As Elsa moved towards Florida’s Gulf Coast Tuesday, airports throughout the region began preparing for the storm, warning travelers about imminent cancellations and the possibility that they’d have to shut down.
By 5 p.m., two of the largest airports in the region — Tampa International Airport and Sarasota-Bradenton International Airport — had announced they would shut down later in the day.
Sarasota-Bradenton officials announced mid-afternoon that the airport would cease operations at 6:30 p.m.
It joined Tampa’s airport, which announced at about 8:20 a.m. that it would suspend commercial service at 5 p.m. and follow that up with suspension of cargo service at 10 p.m.
Meanwhile, Punta Gorda Airport said it was keeping an eye on developments and that runways would remain open as long as conditions were safe. “However, if winds are sustained at 50 m.p.h., aircraft operations and tower operations will cease.”
Tuesday began with Tropical Storm Elsa working its way up the Gulf Coast, bringing with it heavy rains and fears of a storm surge that would lead to heavy flooding. By mid-afternoon, as airport officials watched to see how the storm would progress and decided how to move forward, Elsa began gaining strength and tropical storm watches turned to hurricane watches.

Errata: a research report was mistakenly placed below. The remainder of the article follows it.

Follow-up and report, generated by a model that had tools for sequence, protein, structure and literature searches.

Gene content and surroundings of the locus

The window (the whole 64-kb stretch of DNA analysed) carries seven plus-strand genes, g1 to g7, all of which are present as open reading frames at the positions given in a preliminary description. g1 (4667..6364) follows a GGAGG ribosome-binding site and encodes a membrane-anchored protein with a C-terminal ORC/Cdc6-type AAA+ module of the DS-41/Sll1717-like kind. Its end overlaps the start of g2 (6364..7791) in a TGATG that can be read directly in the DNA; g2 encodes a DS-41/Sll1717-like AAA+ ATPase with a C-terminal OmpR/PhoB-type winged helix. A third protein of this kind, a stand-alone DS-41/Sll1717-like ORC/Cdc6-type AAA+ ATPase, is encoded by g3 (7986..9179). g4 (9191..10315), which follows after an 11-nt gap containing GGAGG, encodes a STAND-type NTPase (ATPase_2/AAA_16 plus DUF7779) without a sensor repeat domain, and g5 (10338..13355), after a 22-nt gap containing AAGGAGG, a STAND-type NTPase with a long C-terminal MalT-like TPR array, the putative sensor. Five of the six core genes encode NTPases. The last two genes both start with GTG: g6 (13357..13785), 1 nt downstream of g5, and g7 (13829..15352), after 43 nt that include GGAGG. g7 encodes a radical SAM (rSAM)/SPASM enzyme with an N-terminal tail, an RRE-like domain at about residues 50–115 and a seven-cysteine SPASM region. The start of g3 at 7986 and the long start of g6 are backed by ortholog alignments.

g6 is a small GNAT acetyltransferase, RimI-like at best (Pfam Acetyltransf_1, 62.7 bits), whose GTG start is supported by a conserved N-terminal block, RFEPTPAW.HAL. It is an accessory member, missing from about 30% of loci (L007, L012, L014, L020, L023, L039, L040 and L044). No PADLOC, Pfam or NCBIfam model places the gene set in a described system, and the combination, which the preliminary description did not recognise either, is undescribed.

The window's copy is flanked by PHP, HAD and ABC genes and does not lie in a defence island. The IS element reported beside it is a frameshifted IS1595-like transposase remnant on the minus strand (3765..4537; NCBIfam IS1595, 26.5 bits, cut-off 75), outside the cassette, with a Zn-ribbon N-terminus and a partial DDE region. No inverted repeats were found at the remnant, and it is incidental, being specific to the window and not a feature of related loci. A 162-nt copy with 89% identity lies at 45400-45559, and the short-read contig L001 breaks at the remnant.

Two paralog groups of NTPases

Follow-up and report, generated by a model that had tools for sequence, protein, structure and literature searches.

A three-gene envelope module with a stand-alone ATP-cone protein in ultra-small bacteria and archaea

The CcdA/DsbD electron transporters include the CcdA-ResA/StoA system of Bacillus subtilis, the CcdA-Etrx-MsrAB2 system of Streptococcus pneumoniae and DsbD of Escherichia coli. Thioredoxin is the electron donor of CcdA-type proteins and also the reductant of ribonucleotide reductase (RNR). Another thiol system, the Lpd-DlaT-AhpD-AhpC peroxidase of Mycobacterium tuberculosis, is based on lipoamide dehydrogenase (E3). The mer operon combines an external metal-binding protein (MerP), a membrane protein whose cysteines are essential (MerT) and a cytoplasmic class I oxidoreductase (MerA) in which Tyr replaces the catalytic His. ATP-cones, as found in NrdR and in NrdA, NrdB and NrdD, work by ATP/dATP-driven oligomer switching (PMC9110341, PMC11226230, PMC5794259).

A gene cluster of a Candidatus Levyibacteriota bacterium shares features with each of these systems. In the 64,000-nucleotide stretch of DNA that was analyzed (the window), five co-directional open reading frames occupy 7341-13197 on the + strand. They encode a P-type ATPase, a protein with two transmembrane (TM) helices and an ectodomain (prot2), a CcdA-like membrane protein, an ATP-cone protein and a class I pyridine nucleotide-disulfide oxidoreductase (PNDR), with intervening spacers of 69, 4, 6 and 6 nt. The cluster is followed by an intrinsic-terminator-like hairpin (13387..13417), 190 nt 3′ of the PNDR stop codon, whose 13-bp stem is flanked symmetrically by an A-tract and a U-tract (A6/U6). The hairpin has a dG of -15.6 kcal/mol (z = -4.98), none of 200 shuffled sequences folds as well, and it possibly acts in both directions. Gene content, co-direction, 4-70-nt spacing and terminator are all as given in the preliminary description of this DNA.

Gov. Ron DeSantis had already declared a state of emergency for 15 counties, including Polk, Pasco, Pinellas, Hillsborough, Manatee, Sarasota, Charlotte, Lee and Collier.
As the storm moved north and concern that a worse-than-expected storm was coming, airport officials took to social media to tell travelers to stay in contact with airlines for the latest information and for flight updates.
By late afternoon Tuesday, flights between St. Pete-Clearwater International Airport and airports in Ohio, New York and Kentucky were canceled. And on its website, Southwest International Airport was telling travelers that “if you are traveling this afternoon/evening on American, Frontier, JetBlue, Southwest or United, many flights have been cancelled. Other carriers will be making changes as TS Elsa progresses.”
With so many cancellations and delays, it is likely to take a few days to untangle the scheduling mess and for normalcy to return.
Despite that, airports in the region say they are ready for business as usual Wednesday morning.
Sarasota-Bradenton officials say they expect to re-open at 6 a.m. and Tampa International officials hope to resume operations at 10 a.m. after examining their facilities for damage.
At St.Pete-Clearwater, Yvette M. Aehle, deputy director of airport finance and administration, says, “everything is still on for tomorrow morning.”